Stormy, luminous spring evening; low, smudged clouds and golden light, dandelions and onion-flowers spangling the lawn. The air smelled fresh and tight, like rain. Laughter and talk within the house, the querulous voice of Charlotte’s old aunt Libby rising high and plaintive for a moment: “Why, I never did any such thing, Adelaide, I never did any such thing in the world!” All the Cleves loved to tease Aunt Libby. She was a spinster, afraid of everything, of dogs and thunderstorms and fruitcakes made with rum, of bees, Negro men, the police. A fast wind jangled the clothesline and blew the tall weeds flat in the empty lot across the street. The screen door slammed shut. Robin ran outside, shrieking with laughter at a joke his grandmother had told him (Why was the letter damp? Because it had postage due), jumping down the steps two at a time.

  There should have been, at the very least, someone outside watching the baby. Harriet was less than a year old then, a heavy, somber infant with a headful of black hair who never cried. She was on the front walk, strapped in her portable swing that went back and forth if you wound it up. Her sister Allison, who was four, played quietly with Robin’s cat, Weenie, on the steps. Unlike Robin—who, at that age, had talked incessantly and hilariously in a gravelly little voice, tumbling to the ground with merriment at his own jokes—Allison was shy and skittish, and cried when anyone tried to teach her the ABCs; and the children’s grandmother (who had no patience for such behavior) paid little attention to her.

  Aunt Tat had been outside early on, playing with the baby. Charlotte herself, running back and forth between kitchen and dining room, had stuck her head out a couple of times—but she hadn’t kept a very close watch because Ida Rhew, the housekeeper (who had decided to go ahead and get a start on her Monday washing) was in and out of the house, hanging clothes on the line. Charlotte had been falsely soothed by this, for on normal washday, Monday, Ida was within constant earshot—whether in the yard or at the washing machine on the back porch—so that it was perfectly safe to leave even the littlest ones outside. But Ida was harried that day, fatally harried, with company to tend to and a stove to watch as well as the baby; and she was in a foul temper because usually she got to go home at one o’clock on Sundays and not only was her husband, Charley T., having to get his own dinner, but she, Ida Rhew, was missing church. She had insisted on bringing the radio into the kitchen so she could at least listen to the gospel show from Clarksdale. Sullenly she moved around the kitchen in her black dress uniform with the white apron, the volume of the gospel program turned obstinately loud, pouring iced tea into tall glasses as the clean shirts out on the clothesline flailed and twisted and threw up their arms in despair at the coming rain.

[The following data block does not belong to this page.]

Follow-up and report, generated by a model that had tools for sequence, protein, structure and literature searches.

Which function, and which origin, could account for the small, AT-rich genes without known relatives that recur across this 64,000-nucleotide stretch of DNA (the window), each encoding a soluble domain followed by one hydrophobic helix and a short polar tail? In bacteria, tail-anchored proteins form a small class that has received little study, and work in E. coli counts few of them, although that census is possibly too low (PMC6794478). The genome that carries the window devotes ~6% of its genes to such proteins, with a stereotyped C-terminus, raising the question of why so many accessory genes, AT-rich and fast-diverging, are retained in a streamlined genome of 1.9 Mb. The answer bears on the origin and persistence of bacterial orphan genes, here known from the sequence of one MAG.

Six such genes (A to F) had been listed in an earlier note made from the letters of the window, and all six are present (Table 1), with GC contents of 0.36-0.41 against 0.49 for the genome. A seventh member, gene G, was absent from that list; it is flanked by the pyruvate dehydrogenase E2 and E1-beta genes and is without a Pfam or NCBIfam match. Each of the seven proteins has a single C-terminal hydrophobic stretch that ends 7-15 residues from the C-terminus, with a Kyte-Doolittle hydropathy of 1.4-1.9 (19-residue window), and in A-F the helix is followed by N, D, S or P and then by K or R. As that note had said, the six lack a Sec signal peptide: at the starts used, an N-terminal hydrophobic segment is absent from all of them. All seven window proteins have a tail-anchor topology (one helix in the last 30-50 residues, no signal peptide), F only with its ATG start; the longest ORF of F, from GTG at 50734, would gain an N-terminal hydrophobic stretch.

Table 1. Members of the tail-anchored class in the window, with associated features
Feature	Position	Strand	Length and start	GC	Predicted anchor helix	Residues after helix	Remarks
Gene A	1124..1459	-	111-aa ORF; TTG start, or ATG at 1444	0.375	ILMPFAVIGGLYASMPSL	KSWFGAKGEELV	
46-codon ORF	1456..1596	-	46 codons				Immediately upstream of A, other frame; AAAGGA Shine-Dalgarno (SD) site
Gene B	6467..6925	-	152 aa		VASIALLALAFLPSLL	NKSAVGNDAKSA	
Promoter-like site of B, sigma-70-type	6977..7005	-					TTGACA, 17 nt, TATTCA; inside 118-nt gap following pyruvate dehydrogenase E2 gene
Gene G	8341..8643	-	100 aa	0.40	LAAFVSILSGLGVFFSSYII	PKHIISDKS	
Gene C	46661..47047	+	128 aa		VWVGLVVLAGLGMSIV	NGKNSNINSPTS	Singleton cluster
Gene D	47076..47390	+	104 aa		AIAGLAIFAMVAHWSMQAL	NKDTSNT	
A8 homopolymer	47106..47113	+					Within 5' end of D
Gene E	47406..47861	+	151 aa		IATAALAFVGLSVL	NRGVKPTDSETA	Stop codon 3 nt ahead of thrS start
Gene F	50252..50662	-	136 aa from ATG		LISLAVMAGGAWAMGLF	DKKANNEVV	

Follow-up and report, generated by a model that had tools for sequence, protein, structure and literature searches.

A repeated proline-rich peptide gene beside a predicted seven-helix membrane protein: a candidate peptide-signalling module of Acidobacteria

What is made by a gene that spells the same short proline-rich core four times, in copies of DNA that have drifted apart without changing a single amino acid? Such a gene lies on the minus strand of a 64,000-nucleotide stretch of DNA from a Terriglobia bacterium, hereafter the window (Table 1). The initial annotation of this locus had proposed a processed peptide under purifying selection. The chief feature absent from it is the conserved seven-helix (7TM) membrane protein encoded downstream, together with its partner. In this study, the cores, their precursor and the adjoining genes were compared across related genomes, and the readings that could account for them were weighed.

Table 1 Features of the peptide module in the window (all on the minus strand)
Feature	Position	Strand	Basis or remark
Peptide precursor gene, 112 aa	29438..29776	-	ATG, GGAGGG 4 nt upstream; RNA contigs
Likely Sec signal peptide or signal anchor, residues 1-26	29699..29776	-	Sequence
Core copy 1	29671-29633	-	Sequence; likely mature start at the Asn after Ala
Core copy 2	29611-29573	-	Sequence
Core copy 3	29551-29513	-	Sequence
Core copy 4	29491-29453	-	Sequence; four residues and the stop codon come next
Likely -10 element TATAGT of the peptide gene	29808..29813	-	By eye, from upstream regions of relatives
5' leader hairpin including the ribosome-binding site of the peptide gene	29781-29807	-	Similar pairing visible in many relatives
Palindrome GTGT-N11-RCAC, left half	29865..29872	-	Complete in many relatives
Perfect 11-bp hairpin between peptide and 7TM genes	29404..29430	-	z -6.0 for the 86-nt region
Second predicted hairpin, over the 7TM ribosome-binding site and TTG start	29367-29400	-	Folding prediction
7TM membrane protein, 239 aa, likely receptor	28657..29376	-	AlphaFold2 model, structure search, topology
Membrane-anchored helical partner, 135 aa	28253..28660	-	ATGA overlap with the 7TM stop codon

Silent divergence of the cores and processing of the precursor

Robin’s grandmother had been out on the porch too, at some point; that much was certain, because she had taken a snapshot. There were not many men in the Cleve family and headstrong, masculine activities such as tree pruning, household repair, chauffeuring the elderly to grocery and church, had for the most part fallen to her. She did this cheerfully, with a brisk confidence that was the wonder of her timid sisters. None of them could even drive a car; and poor Aunt Libby was so afraid of appliances and mechanical apparatus of all sorts that she wept at the prospect of lighting a gas heater or changing a light bulb. Though they were intrigued by the camera, they were also wary of it, and they admired their sister’s breezy daring in handling this manly contraption that had to be loaded and aimed and shot like a gun. “Look at Edith,” they would say, watching her wind the film or adjust the focus with swift professionalism. “There’s nothing Edith can’t do.”

  Family wisdom had it that Edith, despite her dazzling and varied fields of competence, enjoyed no great gift with children. She was proud and impatient, and her manner did not encourage warmth; Charlotte, her only child, always ran to her aunts (Libby, particularly) for comfort, affection, reassurance. And though Harriet, the baby, had yet to show little in the way of preference for anyone, Allison was terrified by her grandmother’s brisk efforts to prod her out of silence, and cried when she was taken to her house to stay. But, oh, how Charlotte’s mother had loved Robin, and how he had loved her right back. She—a dignified, middle-aged lady—played catch with him in the front yard, and caught him snakes and spiders in her garden to play with; taught him funny songs she’d learned from the soldiers when she was a nurse in World War II: